Audible Illusions Modulus 3A preamplifier Page 6
Is the Modulus 3A the finest preamplifier in the world? I don't know. I can say this: when I raved about what I was hearing to Stereophile headquarters in Santa Fe, I was drop-shipped a Class A recommended preamplifier for comparison: the Sonic Frontiers SFL-2 line-stage and SFP-1 Signature phono-stage which are also based on 6DJ8 tube technology. Total cost: close to $5000.
The Sonic SFL-2 offers features the Modulus doesn't—balanced inputs and outputs, for example—and its performance and construction are clearly Class A, certainly in the same league as the Modulus, though I think the Modulus is even more transparent and liquid-sounding.
In my opinion, though, the SFP-1 phono-stage doesn't perform well with low-output coil cartridges: its relatively high noise floor and only moderate gain casts a grayish veil over the soundstage and imparts a sluggish rhythmic quality to music.
I can't square what I hear with the comments in Stereophile's "Recommended Components" listing for the SFP-1. If it is "marginal Class A," then the Modulus's phono performance is Class A+. And its lack of a mono switch is a serious shortcoming for those of us who want to listen to the many outstanding monophonic records available, without putting up with superfluous vertical-groove modulation.
The Modulus 3A: not for everyone
That said, I have to tell you that the Modulus 3A is not for everyone. If you want balanced ins and outs, you're out of luck. If you want to play with both MM and MC cartridges, forget it: once you've had the gold board installed, MM cartridges will overload the input. If you don't want to hassle with dual volume controls, forget it—although I've found them easy to use and no problem at all, especially because they're dead accurate. You can set them physically and the sound will match.
If you want to be able to listen to one source while recording another, you won't find that option on the Modulus 3A. In addition, because the 3A's design values "hot-rodded" simplicity over convenience, if you opt for the gold board, you're warned that "Tube preamplifiers have high DC voltage surges. Although the Modulus was carefully designed to incorporate a safety relay circuit that protects your system, internal circuitry could conceivably be damaged due to DC voltages being amplified by the additional 30dB of gain from the Gold Phono Board during turn-on cycle. Though safety diodes are built in to shunt these voltages to ground, we strongly recommend that you develop the habit of turning the selector switch to one of the line inputs, (ie, CD), prior to turning the unit on rather than leaving the selector on "Phono".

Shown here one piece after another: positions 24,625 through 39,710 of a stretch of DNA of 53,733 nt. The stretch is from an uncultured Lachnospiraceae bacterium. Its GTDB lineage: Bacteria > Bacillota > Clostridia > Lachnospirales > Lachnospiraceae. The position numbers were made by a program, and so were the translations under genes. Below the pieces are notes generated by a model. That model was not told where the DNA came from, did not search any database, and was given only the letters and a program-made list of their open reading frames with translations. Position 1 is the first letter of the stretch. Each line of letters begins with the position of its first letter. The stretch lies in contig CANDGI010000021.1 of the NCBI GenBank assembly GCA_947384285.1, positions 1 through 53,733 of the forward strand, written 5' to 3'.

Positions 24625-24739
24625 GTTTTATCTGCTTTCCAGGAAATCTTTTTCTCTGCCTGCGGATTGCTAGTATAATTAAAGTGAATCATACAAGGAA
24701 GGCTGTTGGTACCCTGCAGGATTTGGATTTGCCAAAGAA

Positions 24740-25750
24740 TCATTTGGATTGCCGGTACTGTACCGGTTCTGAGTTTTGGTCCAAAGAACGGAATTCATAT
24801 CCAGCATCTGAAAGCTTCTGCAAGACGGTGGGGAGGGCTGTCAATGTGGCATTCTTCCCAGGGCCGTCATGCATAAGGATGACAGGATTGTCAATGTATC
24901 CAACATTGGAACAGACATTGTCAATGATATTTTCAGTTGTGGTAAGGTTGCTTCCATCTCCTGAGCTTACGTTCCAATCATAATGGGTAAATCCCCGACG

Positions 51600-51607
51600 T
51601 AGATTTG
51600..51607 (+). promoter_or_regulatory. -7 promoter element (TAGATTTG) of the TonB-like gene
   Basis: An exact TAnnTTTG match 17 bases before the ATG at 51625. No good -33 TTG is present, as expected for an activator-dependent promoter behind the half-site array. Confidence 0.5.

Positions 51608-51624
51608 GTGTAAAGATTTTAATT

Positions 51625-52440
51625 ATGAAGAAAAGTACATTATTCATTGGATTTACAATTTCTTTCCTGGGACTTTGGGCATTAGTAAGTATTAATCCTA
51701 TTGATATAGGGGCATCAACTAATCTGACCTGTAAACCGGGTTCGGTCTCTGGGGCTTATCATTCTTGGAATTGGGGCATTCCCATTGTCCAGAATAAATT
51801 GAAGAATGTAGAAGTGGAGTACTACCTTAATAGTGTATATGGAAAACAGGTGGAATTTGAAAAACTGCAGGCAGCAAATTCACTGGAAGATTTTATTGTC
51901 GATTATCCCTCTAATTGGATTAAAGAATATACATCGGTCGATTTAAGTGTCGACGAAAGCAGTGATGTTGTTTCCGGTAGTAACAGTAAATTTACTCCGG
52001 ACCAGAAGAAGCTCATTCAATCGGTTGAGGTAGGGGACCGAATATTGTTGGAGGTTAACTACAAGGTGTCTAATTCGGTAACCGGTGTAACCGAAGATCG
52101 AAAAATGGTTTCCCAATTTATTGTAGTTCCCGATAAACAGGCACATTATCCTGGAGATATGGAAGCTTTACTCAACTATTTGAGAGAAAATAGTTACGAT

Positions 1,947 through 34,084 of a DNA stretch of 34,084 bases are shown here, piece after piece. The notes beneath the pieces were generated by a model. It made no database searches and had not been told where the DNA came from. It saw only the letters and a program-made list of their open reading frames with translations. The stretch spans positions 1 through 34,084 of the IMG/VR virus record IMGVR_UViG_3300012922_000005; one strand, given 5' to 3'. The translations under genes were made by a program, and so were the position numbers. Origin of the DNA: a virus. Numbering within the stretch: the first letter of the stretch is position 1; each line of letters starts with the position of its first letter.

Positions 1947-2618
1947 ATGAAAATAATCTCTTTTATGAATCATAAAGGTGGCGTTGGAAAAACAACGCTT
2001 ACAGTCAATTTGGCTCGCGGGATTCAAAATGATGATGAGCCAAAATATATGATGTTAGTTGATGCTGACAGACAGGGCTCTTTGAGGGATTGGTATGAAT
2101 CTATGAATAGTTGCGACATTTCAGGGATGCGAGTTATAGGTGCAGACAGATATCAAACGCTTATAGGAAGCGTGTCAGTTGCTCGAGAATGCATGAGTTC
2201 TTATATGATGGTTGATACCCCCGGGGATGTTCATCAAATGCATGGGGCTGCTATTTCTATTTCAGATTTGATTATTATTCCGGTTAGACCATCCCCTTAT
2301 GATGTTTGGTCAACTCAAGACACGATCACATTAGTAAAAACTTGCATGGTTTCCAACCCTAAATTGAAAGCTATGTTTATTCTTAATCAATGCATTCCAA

You're warned elsewhere that if you accidentally transpose your "tape in" with your "tape out," you can seriously damage the unit.
I mention these caveats because high performance is only one piece of the product pie. The above is certainly a consideration when choosing a product. On the other hand, a high-performance automobile is more likely to spin out of control than a family sedan. It all depends on what you want, and what you need. Keep in mind that the Modulus's reliability in the field is extremely high, so don't let those warnings scare you away. You just need to exercise some common sense.
Another caveat: Despite selling over 15,000 Modulus preamps, Audible Illusions is still a small, somewhat quirky company. I've heard complaints about availability of product, and about long downtime when repairs are needed. Make sure you buy from an established dealer; don't pay in advance for a unit to be shipped in the future; and work out your own terms if your unit does need repair. I raised some of these issues with the company, and was told new procedures and manufacturing improvements should make these problems a thing of the past.
I own my Modulus 3A and am absolutely thrilled with its performance out of the box. While I may experiment with Marigo Labs dots later, for this review I've run the product as the factory packs it (except for the Marigo power cord). I don't feel I'm missing anything, nor do I feel a need to coax more from the design.
Because of the circuit's simplicity, tube quality has a greater-than-usual effect on the sound. I've been told by Modulus aficionados that certain brands of NOS (new old stock) tubes improve the sonic performance. Perhaps I'll have a chance to experiment later, but for now I'll stick with supplied tubes, which should last for many years and are inexpensive to replace (about $60 to retube the entire preamp).
The Modulus 3A offers the highest level of performance at a bargain price. It even allows you to switch out the line section's bypass caps for even purer sound (that's how my unit was run for this review), and there's a carefully implemented 7dB line-section gain-limiting switch if your digital source has very high output, thus allowing a wider range of volume pot control. If you don't need a phono section (poor you), Audible Illusions' L1 line-stage offers the same performance, plus a neat headphone amplifier, for $1495.
All of this adds up to what is clearly one of the finest-sounding, best-built full-function preamplifiers in the world—and the reviews from around the world reflect that.
The best? With Audio Research's PH-3 phono section waiting in the wings, I'm hesitant to say, but looking at the cost of the associated equipment used in this evaluation, when I tell you that the Modulus 3A is in the same league and costs just $2395, you ought to listen.